"…Deserve it, then. Study, do your work. Be honest, frank and fearless and get some grasp of the real values of life. You will meet, of course, curious little annoyances. People will wonder at your dear brown and the sweet crinkley hair. But that simply is of no importance and will soon be forgotten. Remember that most folk laugh at anything unusual, whether it is beautiful, fine or not. You, however, must not laugh at yourself. You must know that brown is as pretty as white or prettier…The main thing is the YOU beneath the clothes and skin—the ability to do, the will to conquer, the determination to understand and know this great, wonderful, curious world. Don’t shrink from new experiences and custom. Take the cold bath bravely…Enjoy what is, and not pine for what is not. Read some good, heavy, serious books just for discipline: Take yourself in hand and master yourself. Make yourself do unpleasant things, so as to gain the upper hand of your soul."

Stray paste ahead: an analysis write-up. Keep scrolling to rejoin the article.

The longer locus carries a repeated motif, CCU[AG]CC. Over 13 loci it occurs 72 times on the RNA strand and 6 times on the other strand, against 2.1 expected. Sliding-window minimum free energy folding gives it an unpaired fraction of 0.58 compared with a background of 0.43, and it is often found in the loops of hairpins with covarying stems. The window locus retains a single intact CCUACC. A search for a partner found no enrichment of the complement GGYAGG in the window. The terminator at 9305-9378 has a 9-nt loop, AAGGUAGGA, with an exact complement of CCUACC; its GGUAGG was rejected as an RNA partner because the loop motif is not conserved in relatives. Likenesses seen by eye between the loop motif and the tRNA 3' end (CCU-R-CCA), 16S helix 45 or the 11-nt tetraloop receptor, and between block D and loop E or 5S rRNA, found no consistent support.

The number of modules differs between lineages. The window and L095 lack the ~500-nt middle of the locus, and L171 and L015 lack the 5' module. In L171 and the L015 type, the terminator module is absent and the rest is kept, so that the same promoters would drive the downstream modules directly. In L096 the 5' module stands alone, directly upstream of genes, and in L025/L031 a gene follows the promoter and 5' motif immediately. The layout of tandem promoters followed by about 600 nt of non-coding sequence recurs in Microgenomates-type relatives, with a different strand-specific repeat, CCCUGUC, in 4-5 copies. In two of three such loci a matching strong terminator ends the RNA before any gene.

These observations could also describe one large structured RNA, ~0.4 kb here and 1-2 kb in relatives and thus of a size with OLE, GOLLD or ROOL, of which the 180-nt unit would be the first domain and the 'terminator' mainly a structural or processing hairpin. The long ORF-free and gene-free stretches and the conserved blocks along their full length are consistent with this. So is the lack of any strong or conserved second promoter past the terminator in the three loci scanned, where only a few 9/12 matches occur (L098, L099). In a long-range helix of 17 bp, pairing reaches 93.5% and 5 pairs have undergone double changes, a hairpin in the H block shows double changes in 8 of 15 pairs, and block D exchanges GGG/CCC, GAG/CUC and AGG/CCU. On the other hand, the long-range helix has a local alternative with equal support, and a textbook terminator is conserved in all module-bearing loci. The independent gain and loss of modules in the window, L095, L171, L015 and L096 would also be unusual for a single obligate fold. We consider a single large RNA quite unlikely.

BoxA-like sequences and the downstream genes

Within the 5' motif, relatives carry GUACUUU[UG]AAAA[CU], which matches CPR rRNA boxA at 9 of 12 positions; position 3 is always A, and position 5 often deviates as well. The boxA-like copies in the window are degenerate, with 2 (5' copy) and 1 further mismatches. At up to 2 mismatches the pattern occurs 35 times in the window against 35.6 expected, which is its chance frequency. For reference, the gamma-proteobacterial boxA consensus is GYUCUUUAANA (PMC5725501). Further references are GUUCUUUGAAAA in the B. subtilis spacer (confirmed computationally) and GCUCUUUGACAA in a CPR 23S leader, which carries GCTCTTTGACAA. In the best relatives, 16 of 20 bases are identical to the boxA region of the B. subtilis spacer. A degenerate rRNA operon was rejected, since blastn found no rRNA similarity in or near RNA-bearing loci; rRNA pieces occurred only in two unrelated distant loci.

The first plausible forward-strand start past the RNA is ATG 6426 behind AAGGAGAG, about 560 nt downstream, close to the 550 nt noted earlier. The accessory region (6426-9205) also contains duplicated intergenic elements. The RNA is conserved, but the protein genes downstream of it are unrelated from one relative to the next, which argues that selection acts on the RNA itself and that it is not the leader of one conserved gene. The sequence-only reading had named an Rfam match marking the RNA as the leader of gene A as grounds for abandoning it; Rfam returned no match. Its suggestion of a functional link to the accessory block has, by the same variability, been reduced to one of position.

W.E.B. Du Bois
In 1914, his soon-to-be 14-year-old daughter, Yolande, left the family home to study at Bedales School in England. He wrote her the [above, excerpted] letter of advice soon after her arrival…